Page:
Robert Mugabe
Robert Mugabe; drawing by David Levine

“We have to succeed in our bid to establish a non-racial society, in our bid to establish civil liberties…. Once the reconciliation between the races is complete, once we have the opposing forces in harmony, then whatever the differences in the political sphere we will, at least, have that oneness which upholds a democratic society. I think it will also act as a consolidating factor for Mozambique, Zambia, Botswana, Angola, and even for the former High Commission territories, Lesotho and Swaziland. The progressive forces in South Africa will have a basis on which to demand that transformation take place as quickly as possible in their society.

“…Let me say that our principles remain…as a party we stand by the socialist ideology deriving, to an extent, from Marxism and Leninism. We don’t hide that. At the same time we are not governed by those principles alone. We also have our own tradition, and the principles that we have developed here under the influence of Christianity, while we were occupied by the West. In other words, while we adhere to definite socialist principles there is a streak of morality that runs through them, and this morality is a synthesis of our tradition and our Christian practice here…. We have always lived as a collective society. Land belongs to all. True, each person has his own cattle and goats but there was always a distinction between what was communal and what the individual acquired as his own property. The rivers and the fruit trees have always been common to us all.”

—Robert Mugabe Prime Minister, Zimbabwe

Just eighteen weeks after the creation of a new African state that not only its prime minister predicts will have a definitive influence on the future of all southern Africa, I had the chance to visit that state for myself. To go to Zimbabwe (or any other African country no longer ruled by a white minority) as a South African is different from going as a European or American; and to travel as a private person accustomed to observing from the underground point of view of the novelist is different from arriving with the journalist’s conscious, skilled determination to find news. I was less informed than a good journalist would be; as someone both African and white, I think I understood what I saw for myself—as distinct from what I might be told or told about—rather more accurately than a visiting European or American could.

And yet it is difficult, in the snuffing-the-air alertness, the awkward solemnity of first setting foot on the tarmac of change, not to read in headline fashion what meets the eye. I always warn myself that there are two places from which I must not generalize any impressions: airports and bars. the white immigration officer at Salisbury airport turned the pages of my passport with a metal beak instead of a hand. At once I saw that brave adaptation as the machine gun beaten into the tool of peace. For me, the man had sacrificed his arm fighting a senseless war for lan Smith’s Unilateral Declaration of Independence, and his artificial hand, efficiently manipulated in the service of a black majority government, was acceptance that that war, like the flesh-and-blood hand, was lost and done with.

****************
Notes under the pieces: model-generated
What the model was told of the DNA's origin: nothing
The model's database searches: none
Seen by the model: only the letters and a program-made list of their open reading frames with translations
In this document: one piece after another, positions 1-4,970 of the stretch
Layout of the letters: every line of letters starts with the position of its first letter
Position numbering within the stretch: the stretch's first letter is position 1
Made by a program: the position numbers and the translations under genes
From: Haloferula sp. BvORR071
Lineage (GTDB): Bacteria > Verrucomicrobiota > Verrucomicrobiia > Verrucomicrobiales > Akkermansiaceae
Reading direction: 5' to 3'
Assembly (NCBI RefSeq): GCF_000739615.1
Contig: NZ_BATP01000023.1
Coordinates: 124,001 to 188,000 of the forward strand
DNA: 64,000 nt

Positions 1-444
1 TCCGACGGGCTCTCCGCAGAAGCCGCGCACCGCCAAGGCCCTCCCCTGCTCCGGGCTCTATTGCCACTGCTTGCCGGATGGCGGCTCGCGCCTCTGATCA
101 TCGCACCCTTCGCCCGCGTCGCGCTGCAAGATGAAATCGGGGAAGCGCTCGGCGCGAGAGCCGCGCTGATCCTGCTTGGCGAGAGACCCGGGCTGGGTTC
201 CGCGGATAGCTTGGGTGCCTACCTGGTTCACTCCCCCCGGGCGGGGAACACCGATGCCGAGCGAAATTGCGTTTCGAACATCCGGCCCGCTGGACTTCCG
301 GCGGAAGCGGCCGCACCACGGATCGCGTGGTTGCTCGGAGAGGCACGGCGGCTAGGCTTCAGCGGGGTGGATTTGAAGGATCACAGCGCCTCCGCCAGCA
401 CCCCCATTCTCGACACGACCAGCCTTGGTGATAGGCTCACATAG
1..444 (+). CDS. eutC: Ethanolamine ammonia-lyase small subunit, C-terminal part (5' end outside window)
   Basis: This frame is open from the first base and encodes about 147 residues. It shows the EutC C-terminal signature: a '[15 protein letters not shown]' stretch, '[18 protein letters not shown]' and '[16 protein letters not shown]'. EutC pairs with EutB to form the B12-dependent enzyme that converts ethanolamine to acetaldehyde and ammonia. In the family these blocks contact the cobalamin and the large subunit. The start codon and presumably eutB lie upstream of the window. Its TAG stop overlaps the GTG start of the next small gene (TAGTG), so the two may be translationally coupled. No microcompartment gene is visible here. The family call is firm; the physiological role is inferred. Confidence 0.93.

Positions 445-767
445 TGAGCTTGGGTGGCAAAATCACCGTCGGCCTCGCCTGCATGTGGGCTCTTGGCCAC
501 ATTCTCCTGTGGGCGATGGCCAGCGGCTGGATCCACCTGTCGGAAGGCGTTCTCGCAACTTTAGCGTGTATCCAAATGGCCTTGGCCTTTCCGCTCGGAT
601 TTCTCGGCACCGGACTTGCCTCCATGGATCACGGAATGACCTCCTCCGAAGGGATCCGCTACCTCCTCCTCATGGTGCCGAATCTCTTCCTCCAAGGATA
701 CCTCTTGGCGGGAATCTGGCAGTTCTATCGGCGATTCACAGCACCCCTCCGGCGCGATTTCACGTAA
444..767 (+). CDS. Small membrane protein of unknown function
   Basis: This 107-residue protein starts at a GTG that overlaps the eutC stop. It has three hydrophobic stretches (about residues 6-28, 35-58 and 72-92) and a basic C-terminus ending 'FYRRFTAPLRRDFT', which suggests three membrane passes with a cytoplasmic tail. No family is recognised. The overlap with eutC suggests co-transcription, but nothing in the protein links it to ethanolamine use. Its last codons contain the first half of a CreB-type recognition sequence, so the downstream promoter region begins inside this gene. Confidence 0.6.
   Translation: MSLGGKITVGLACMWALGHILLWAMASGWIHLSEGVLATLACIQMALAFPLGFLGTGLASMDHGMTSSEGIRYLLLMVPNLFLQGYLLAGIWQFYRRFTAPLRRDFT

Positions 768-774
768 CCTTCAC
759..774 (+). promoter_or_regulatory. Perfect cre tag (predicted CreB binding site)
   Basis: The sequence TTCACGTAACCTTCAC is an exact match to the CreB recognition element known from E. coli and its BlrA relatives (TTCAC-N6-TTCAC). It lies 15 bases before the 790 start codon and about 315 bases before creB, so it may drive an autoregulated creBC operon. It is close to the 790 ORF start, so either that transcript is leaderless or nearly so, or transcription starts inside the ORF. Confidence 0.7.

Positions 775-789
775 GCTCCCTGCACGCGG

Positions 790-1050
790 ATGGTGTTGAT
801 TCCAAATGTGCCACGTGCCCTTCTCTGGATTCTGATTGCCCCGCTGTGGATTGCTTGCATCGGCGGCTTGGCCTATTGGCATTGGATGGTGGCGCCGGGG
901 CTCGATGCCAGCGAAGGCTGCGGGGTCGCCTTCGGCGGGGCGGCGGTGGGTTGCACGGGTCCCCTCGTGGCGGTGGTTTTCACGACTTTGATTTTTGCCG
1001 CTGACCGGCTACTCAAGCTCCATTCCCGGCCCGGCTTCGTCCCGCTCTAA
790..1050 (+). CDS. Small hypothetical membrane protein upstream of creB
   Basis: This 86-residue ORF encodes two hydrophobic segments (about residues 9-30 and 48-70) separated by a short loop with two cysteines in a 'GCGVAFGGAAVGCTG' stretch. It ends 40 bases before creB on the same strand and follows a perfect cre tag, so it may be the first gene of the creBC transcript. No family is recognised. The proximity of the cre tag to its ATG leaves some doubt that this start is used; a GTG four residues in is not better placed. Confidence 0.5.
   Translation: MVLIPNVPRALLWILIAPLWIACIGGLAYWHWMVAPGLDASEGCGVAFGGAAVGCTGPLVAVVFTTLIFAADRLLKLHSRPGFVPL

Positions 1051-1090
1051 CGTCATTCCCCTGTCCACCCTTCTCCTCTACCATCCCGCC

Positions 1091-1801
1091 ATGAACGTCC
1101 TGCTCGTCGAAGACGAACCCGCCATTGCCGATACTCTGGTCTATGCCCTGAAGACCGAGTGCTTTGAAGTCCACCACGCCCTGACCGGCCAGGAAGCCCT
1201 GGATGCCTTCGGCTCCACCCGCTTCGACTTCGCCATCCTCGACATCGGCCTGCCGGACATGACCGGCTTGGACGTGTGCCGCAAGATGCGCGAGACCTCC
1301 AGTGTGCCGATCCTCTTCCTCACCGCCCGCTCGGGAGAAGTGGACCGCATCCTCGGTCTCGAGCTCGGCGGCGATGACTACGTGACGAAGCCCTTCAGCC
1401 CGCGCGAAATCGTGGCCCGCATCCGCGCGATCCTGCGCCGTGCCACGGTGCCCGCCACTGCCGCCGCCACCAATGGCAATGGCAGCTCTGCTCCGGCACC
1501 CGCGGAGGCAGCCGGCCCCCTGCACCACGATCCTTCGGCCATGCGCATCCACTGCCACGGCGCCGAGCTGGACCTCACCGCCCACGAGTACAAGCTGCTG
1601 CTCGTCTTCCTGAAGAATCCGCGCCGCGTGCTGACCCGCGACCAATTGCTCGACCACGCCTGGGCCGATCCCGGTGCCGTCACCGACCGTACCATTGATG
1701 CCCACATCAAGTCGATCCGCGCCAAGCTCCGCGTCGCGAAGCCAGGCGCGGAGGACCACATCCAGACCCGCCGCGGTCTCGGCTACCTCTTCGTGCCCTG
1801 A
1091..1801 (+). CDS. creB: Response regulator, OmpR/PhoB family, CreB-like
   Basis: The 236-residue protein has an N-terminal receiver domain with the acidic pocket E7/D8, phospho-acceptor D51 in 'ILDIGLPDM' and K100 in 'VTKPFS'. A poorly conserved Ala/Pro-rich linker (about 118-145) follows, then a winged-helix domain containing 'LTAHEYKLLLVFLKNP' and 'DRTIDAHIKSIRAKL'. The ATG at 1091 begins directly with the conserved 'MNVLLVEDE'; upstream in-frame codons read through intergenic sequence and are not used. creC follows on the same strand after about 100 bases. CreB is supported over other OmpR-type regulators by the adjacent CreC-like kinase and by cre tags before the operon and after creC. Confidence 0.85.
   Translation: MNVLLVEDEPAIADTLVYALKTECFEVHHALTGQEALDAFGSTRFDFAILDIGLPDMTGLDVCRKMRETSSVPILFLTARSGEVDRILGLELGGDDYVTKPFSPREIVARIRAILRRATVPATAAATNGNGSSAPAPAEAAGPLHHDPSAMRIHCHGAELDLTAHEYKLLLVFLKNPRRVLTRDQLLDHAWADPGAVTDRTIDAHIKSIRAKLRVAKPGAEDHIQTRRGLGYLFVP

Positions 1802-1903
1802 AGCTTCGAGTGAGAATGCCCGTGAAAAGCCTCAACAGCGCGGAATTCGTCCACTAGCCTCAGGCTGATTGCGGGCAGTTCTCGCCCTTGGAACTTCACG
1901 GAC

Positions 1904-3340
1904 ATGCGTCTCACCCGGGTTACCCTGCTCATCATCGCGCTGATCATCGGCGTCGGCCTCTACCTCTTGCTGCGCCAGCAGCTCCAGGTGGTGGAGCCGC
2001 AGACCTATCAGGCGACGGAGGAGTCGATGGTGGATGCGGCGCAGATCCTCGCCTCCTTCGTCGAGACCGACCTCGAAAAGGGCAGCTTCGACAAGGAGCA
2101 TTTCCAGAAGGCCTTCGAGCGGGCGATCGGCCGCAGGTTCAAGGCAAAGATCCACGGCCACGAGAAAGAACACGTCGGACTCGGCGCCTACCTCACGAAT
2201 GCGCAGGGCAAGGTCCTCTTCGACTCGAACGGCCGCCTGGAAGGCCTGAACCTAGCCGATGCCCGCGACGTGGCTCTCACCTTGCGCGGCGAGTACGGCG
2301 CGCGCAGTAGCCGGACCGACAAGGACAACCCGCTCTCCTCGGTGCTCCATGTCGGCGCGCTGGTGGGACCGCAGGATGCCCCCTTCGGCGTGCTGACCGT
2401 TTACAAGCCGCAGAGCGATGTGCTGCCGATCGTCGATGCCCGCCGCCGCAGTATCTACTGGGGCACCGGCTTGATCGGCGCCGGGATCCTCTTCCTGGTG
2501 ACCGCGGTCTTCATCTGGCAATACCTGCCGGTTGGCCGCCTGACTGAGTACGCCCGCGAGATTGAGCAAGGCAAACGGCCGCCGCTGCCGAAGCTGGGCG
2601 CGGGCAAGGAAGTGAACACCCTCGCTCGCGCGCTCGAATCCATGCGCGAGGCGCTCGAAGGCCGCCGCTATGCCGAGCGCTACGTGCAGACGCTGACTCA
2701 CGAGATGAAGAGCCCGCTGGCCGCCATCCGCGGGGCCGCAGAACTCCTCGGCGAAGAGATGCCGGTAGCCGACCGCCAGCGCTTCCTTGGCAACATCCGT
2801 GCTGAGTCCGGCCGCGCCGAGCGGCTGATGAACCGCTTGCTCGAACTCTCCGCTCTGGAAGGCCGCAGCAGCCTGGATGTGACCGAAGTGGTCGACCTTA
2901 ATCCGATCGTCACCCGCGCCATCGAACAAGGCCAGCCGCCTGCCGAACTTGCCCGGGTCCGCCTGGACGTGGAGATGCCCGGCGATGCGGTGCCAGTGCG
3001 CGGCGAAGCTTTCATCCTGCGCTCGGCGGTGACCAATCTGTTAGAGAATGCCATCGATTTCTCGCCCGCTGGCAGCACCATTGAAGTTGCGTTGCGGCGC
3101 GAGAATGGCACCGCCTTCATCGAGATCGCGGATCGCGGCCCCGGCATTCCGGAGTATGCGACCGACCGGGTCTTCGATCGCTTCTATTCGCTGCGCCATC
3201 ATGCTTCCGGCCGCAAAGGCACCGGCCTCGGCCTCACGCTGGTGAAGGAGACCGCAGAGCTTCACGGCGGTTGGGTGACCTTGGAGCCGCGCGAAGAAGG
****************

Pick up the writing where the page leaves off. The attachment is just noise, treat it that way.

But what proof did I have that he hadn’t had his arm severed in an ordinary road accident?

The bar at my second-rate hotel was full, of course, like the bars of grander hotels nearby, and during my stay it was never anything else. The faces were black, mostly young, the drink was beer, and the atmosphere no more thickly felted with voices and smoke than in comparable bars anywhere.

That scene was something I know how to read more certainly than the immigration officer’s artificial hand. Where the color bar has been grudgingly relaxed in white-ruled Africa, the practice has been to let blacks into public bars before opening to them libraries, sports and hobby clubs, and other facilities for amusement and activity created by whites for their own city leisure. This packing of the bars by young blacks doesn’t signify to me that Zimbabweans, more than other city youngsters, are interested in no other pastime but drinking, but that bars were probably the first of the white man’s pleasures opened to them when the Rhodesians were stalling power-sharing by giving placebos, and that the old colonial habits and leisure arrangements have not yet been replaced by new ones.

We all know how close the conviviality of the bottle is to the aggression of the bottle. One of the most stupid things whites ever did in Africa was to make the bar the first public place where they would mix with blacks socially, and drinking the first pleasure to be openly shared by black and white. Almost without exception, the scattered incidents of violence that are occurring in the new state, whether racial insults followed by blows between black and white, or political fights between blacks, happen in the vicinity of bars. the immediate answer for Zimbabwe lies, alas, only in hindsight: during their prosperous rule of ninety years in Rhodesia (I date this from the establishment of Cecil John Rhodes’s Pioneer Column camp at Salisbury, September 1890) whites should have created more opportunities for white and black to get to know one another while sober. And whites should have opened to blacks places other than bars where the energies of men back from the war could be spent more constructively than dangerously.